The letters, as they swarm into the office, are first of all received by clerks, who face them, so that all the directions may be in the same way. They next go to clerks who have a more complicated duty, that of stamping them with a double stamp, that indicating the office where they are posted, and thus obliterating the postage label; and at the same time the letters are counted. It is astonishing to see with how much rapidity—the result of constant practice--this somewhat complex task is performed. Keeping an account of their numbers, an account which is afterwards checked and verified, the clerks next pass the bundles on to other officials, whose duty it is to examine the letters as to weight, and to surcharge for any deficiency in postage. Generally the mere touch of a letter suffices for these experienced hands; and it is seldom, indeed, that they single out a missive for examination which does not prove, when tested by the scales, to be of excessive weight. All these weighings, how. ever, necessarily cause some slight delay, the fault of which assuredly does not lie with the Post Office authorities, but with the public.

Next comes the sorting. Discarding all the old divisions of counties, letters are now sorted with reference entirely to our railways - North-Western, Midland Counties, Great Eastern,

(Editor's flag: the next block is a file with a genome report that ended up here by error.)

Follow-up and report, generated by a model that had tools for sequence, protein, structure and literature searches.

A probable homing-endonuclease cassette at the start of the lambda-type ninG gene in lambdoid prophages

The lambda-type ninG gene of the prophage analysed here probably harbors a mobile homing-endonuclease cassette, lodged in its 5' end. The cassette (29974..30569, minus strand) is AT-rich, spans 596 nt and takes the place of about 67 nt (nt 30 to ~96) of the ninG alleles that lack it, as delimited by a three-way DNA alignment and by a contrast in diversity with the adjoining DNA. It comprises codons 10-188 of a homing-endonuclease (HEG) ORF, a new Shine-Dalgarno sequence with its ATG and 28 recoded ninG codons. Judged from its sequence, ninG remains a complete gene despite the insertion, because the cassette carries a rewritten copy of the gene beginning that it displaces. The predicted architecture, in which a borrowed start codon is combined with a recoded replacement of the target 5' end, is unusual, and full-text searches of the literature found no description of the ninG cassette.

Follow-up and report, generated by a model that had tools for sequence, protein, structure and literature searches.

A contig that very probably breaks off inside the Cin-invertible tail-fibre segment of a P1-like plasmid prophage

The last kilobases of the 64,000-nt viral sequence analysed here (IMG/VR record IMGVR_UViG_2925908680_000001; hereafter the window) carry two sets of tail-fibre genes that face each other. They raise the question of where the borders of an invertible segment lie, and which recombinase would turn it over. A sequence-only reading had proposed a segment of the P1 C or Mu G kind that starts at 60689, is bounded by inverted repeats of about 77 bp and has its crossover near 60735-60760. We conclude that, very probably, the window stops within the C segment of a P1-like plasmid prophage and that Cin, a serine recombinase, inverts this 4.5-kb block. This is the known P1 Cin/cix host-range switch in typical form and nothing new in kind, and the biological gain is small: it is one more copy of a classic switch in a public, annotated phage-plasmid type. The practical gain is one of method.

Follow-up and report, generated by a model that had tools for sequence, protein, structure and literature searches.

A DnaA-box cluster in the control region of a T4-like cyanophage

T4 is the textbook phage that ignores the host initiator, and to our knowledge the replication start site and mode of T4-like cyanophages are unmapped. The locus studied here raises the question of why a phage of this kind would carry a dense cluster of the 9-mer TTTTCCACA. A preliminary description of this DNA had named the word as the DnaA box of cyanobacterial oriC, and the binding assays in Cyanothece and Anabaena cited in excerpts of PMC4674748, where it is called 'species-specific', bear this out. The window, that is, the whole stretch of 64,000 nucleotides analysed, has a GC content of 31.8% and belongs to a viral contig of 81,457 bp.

South-Eastern, South-Western, and Great Western. Each of these lines forms, so to speak, a connecting thread of the arrangement that runs through the whole process of sorting. Let us take, for example, the Great Western. The first two letters upon which we happen to glance are directed, one to Uxbridge and the other to Truro; but both the Middlesex and the Cornish letter will have to go to Paddington. Not yet, however. The process is far from being completed. Every railway trunk line has its divisions; every division its subdivisions. Under the head of Oxford, for instance, we find eleven considerable towns; and here we may mention the fact, upon which hasty assailants of the Post Office will do well to reflect, that not above one letter in four is addressed to the right postal town. As fast as the sorters get on with their work, which they do with a speed that seems astonishing to the stranger, collectors come round the rooms ready to carry the letters elsewhere for further “sorting."